We spent three nights at Hotel Canaletto, a gorgeous boutique hotel situated in the heart of the city and an absolute bargain. We paid £66 a night with breakfast for a standard room – super clean with the most charming interiors and plush details, with a view out onto a charming traditional Venetian street. Everyone told me how expensive Venice would be, and for the price we paid I was expecting a box room – but it was spacious and beautiful and much larger than budget rooms in Paris, for example. The staff here were also such a delight, the wonderful lady on the front desk even lent me her own personal wellies so I could go out and pick up a disposable pair of my own!

By the time Charlotte arrived, the tide had gone back down and I was already a couple of Aperol Spritz deep, and after dropping off her luggage we promptly headed out for a romantic dinner next to the iconic Rialto bridge. Again, I was expecting to pay an arm and a leg for dinner – especially next to such a touristy spot – but two margaritas and a glass of red each only set us back €30.

And that's when I realised what a beautiful fusion of super-luxe and old charm Venice was. Sure, you can pay €30 for a single bellini at Harry's bar but you can also get a delicious home made slice of pizza from a tiny local window for €2 right around the corner. It was right outside Louis Vuitton I purchased my pair of disposable wellies from a street seller. But aside from all this, the thing that really bound the city together was the sheer beauty of it.

It is a pretty marvellous thing to behold, a city built entirely on water literally centuries ago. It's history shows in the grand architecture, the odd crack here or there and the quaint, cobbled streets leading to tiny archways, each island surrounded by dusty turquoise water and all connected by ornate bridge after bridge. The canals often echo with the sound of Gondoliers singing, so if you didn't already feel like you're in a movie set – that'll do the trick. Though you can get private water taxi's or the public ferry, my biggest piece of advice when visiting Venice is to explore as much as you can of it on foot, there's something you'll want to see on every corner.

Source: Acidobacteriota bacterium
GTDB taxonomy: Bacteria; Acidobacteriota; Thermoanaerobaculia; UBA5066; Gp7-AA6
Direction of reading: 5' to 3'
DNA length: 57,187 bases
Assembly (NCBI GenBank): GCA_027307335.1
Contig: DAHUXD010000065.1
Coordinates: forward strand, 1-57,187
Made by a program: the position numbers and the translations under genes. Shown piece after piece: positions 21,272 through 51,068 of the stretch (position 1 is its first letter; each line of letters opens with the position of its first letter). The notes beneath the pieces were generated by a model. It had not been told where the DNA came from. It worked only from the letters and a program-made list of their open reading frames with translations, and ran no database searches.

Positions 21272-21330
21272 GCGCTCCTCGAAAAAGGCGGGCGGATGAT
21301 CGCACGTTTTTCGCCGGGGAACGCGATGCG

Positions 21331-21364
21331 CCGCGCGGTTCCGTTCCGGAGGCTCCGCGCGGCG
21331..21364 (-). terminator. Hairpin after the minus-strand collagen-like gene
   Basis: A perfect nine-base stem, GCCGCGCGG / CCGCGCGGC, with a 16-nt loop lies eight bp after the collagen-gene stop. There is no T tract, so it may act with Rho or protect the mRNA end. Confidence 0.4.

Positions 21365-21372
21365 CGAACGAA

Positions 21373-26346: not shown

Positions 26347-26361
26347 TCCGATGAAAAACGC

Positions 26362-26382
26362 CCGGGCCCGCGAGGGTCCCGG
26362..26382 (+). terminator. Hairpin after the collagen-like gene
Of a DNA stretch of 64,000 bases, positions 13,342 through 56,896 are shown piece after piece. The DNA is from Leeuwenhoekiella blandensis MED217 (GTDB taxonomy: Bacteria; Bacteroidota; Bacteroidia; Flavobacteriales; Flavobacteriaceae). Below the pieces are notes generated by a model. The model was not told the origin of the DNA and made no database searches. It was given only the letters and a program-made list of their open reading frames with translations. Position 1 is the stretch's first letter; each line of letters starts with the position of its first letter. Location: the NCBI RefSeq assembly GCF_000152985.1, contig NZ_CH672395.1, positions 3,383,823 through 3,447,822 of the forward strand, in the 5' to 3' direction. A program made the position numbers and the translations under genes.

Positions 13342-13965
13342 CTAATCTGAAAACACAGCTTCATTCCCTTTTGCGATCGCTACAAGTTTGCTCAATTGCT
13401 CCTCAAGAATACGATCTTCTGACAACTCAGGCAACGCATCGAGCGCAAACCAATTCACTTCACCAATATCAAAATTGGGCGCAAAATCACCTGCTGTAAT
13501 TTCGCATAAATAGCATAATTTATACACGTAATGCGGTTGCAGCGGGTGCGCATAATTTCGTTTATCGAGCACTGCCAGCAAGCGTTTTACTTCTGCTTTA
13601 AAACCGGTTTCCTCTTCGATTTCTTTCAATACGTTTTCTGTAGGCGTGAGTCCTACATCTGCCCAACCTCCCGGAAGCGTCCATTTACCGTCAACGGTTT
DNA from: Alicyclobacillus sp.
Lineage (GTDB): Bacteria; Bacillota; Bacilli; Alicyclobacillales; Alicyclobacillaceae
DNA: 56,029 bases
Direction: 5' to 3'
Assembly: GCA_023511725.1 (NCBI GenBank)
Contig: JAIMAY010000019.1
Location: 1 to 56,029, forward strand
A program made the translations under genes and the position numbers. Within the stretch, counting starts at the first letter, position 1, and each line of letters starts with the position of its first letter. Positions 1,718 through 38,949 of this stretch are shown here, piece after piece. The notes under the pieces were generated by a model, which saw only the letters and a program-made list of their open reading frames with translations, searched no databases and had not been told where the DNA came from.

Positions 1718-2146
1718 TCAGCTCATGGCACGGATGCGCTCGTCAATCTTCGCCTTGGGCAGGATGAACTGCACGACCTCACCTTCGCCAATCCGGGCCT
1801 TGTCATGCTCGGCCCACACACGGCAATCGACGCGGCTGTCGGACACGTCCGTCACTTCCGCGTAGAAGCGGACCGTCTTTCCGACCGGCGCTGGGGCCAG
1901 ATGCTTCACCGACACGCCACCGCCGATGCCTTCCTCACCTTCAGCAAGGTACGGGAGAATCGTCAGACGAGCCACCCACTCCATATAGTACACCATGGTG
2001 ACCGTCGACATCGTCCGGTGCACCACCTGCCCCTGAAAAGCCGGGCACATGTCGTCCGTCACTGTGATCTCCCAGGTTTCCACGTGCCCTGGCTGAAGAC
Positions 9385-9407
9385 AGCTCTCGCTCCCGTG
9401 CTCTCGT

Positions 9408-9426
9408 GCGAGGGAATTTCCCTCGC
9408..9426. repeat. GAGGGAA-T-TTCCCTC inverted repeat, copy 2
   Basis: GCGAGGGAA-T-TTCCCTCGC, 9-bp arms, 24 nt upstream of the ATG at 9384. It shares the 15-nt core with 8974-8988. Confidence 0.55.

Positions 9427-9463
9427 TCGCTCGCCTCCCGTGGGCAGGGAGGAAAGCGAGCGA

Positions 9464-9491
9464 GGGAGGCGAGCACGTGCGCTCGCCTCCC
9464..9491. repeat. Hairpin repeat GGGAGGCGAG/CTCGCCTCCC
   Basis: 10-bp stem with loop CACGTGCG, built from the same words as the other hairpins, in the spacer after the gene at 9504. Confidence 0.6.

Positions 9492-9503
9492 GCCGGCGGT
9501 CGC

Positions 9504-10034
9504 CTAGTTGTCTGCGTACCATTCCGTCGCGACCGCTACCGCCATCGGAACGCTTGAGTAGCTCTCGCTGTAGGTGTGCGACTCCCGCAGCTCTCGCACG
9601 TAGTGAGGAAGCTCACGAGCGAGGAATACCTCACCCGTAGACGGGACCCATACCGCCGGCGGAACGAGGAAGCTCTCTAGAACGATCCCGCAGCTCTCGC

We managed to see everything we wanted in the short time we were there, and managed to avoid huge influx's of tourists for the most part. Our first visit to St Marks Square was pretty comical, the piazza was totally submerged and people were even swimming in it! It was pretty cool to see, but it was a tad to cold and er, dirty, for me to think about submerging myself into entirely. We settled for water up to knee-hight which I'm sure you can imagine was ridiculous when it came to getting our travel shots. But hey, we avoided creating every other cliche blogger shot in Venice, disposable wellies and all.

What also charmed me during this time, was the business as usual attitude held by most of the locals. Most seemed prepared with door blockades, and those not just happily waded about their shop in wellies. Restaurants carried on serving food, as did the local shops Although, I did have a chuckle at one frantic shop assistant panic-stacking Givenchy bags up on to the highest shelf. We even had dinner that night in a restaurant semi-submerged in water. But with unwavering warm Italain service, I happily enjoyed my spaghetti vongole and carafe of white wine in my new wellies, canal water up to my ankles.

And as if by magic, the sun came out for our last day and the tide shrank back to its usual level. Walking through the dry square in warm, brilliant sunshine you'd never a clue it was under several feet of water only 24 hours previously. We made a flying visit over to Burano on this day too. We only had enough time for a quick stroll and a photo or two, but it was still so lovely to visit this colourful little island. In the summer I imagine I'd stay for a gelato and have a proper browse through the few local shops.

And for sure, I'll be back very soon. Especially now I know how much more accessible and affordable this gorgeous little Italian city is (my flight from Bristol was £35 with Ryan Air, and I've seen cheaper!). Though I enjoyed every minute of my sometimes very damp few days here, I think it would be a beautiful place to visit in the spring time too. I hope you've enjoyed my musings over Venezia and hopefully you're inspired to visit this year too. Shop my looks via the links below.

Majorelle polka dot dress via Revolve, Topshop baker boyNew Look trainers, Nicole green dress by Revolve, Gucci DionysusLiam tie crop top by RevolveNastygal leopard maxi, Topshop polka skirt, Miss Selfridge girls tee (now £8), Daniel Footwear boots,